Deniliquin Pastoral Times
Dam release could prevent repeat of 2016
Nothing has been learned from the 2016 floods, and Murray communities could pay the price.
That is what landholders are saying as they watch water levels in the Hume Dam exceed 80 per cent capacity with more rain on the horizon.
They fear the water levels will be allowed to keep building until an eventual spill, creating floods which pose a third party threat to food producers and communities along the system.
Five years ago in early August, the Hume Dam was at 68.7 per cent capacity and rising fast.
Many believe the flood that followed was ‘man-made’, attributable directly to the decisions made by the Murray Darling Basin Authority.
‘‘They didn’t want to sacrifice a full dam,’’ said Rob Locke, a farmer who was affected by the 2016 floods.
‘‘The Hume was basically full, but they waited, and when the rains came they panicked and opened up the gates.’’
Mr Locke describes what happened next as ‘‘a wall of water’’ which ripped through his property’s levee banks in ‘‘at least’’ 20 to 25 places, taking with it hundreds of thousands of dollars in damages.
‘‘It was a catastrophe,’’ he said. With the Hume Dam at more than 80 per cent capacity right now, and minor flooding occurring on the Murrumbidgee, local farmers and irrigators are fearful it could happen again.
‘‘If they don’t start planning now, we’re going to be in a lot of trouble,’’ Mr Locke said.
The MDBA has promised ‘‘modest prereleases’’ of water from the dam to relieve the situation, but landholders say a similar promise was made in 2016, but that releases did not start until September. By then, it was too late.
As a result, Deniliquin’s Edward River peaked at 8.62 metres on October 17 and the Murray River at Tocumwal peaked at 7.37m. Both were above major flood level.
But according to a press release issued by the MDBA late last week, flooding is a lesser priority when it comes to management decisions.
‘‘The rules determine that dam safety is our first priority, followed by the need to maximise water in storage for future water security, and then reducing downstream flooding where possible,’’ the MDBA said.
‘‘If and when the dam fills, all flood waters will pass through the dam and into the river downstream.’’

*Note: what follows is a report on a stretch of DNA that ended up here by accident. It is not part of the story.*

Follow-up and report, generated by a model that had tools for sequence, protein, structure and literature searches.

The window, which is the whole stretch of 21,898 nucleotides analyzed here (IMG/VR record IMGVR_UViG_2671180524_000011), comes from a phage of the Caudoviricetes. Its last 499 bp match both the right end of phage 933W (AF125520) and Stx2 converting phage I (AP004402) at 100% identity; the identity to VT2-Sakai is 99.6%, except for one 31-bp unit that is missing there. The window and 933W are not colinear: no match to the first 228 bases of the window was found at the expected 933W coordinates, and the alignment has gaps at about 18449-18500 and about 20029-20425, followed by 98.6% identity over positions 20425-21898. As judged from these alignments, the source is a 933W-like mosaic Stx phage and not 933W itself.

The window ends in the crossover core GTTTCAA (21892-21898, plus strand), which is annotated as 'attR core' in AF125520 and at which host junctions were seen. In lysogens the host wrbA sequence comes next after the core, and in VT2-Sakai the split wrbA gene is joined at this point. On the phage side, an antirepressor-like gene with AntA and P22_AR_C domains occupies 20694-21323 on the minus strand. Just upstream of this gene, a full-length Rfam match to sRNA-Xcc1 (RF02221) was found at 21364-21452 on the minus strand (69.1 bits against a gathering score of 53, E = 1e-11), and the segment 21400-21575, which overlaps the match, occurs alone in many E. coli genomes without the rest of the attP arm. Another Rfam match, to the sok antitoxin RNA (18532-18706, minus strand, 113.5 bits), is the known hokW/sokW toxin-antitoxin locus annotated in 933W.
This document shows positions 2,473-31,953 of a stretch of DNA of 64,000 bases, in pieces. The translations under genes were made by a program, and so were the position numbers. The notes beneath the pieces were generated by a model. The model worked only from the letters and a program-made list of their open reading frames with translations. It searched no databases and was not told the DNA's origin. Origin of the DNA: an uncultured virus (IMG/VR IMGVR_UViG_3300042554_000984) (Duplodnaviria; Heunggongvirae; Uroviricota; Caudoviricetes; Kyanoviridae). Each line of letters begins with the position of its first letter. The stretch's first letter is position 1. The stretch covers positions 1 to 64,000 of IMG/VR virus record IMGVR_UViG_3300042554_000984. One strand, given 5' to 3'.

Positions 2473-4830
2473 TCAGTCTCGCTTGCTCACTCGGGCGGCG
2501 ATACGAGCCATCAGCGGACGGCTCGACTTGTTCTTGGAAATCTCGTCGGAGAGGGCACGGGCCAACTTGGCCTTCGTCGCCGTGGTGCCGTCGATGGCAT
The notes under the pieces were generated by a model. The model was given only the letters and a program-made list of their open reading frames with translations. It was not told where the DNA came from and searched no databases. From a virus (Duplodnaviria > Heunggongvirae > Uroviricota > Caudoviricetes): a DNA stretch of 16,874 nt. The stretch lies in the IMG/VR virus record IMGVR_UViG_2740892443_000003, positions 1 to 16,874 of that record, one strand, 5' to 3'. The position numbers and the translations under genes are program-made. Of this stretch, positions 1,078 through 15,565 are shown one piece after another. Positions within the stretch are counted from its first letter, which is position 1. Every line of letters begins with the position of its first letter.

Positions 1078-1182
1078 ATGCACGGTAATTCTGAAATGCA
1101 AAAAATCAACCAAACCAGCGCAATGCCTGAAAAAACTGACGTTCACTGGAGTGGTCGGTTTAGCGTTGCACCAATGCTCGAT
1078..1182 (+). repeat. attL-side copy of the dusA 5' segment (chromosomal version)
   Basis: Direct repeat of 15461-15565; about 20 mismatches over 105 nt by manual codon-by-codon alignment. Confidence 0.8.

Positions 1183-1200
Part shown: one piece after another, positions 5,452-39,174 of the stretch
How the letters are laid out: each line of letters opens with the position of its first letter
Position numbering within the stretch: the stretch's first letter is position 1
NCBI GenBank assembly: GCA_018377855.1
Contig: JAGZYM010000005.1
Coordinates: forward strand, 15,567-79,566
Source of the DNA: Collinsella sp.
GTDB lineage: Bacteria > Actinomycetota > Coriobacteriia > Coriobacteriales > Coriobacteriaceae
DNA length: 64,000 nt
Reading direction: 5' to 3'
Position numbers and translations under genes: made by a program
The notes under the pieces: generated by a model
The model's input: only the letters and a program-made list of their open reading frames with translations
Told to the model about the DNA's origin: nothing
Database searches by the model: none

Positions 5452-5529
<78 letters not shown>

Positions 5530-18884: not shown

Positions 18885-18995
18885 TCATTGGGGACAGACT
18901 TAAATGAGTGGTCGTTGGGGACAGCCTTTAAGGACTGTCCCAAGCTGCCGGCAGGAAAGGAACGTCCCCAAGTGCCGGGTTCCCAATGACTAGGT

Mr Locke said losses to the farming community following the 2016 were devastating, and compounded the stress from multiple years of drought.
He said many are still recovering from those losses.
And with last year’s cropping results some of the best in recent memory and pending crops just as promising, landholders say a failure to prevent or negate third party flooding could be far more damaging this year.
‘‘There’s still a lot of catching up to do (after the 2016 floods),’’ Mr Locke said.
‘‘This year is looking like a good year and we don’t want to lose that.’’
Mr Locke said prolonging the recovery for flood-affected Murray region farmers was that there was little to no compensation for agricultural losses.
An attempt was made to start a class action lawsuit which accused the MDBA, or the state policies by which it operates, of ‘‘failing to release water when safe to do so’’, and ‘‘creating and following a flawed policy of pursuing a 99 per cent full dam even when flooding was likely’’.
The class action through the Adley Burstyner legal firm never made it to court due to a lack of claimants, but its solicitors say a class action relating to Wivenhoe Dam set a precedent.
Earlier this year victims of the 2011 Brisbane floods were awarded $440 million in damages due to the ‘‘mismanagement’’ of the Wivenhoe Dam, after it was proven to have operated in a conservative and destructive manner.
A new attempt to hold the MDBA accountable for the mismanagement of the system, not just during the 2016 floods, was launched in 2019 by Barooga claimant Chris Brooks. It seeks at least $1.5 billion in damages.
In his separate role as Southern Riverina Irrigators chair, Mr Brooks said yesterday that there is an easy solution to preventing floods.
He said an increase in general security allocations for Murray region irrigators would ease pressure on the Hume Dam, and allow farmers to generate income which supports the national and local economy.
He said last week it beggared belief that irrigators had access to just 10 per cent of their general security entitlement while the dam was at more than 80 per cent capacity. ‘‘Does that sound fair?’’ Mr Brooks asked. While allocations were increased this week to 26 per cent, Mr Brooks said timing and transparency is the key.
He said farmers must be given sufficient forewarning of any pending increase to assist with their planning.
‘‘You need to have the water allocation and all your fertiliser in place by about September,’’ he said.
‘‘Giving us a water allocation in January or February is a complete waste of time.’’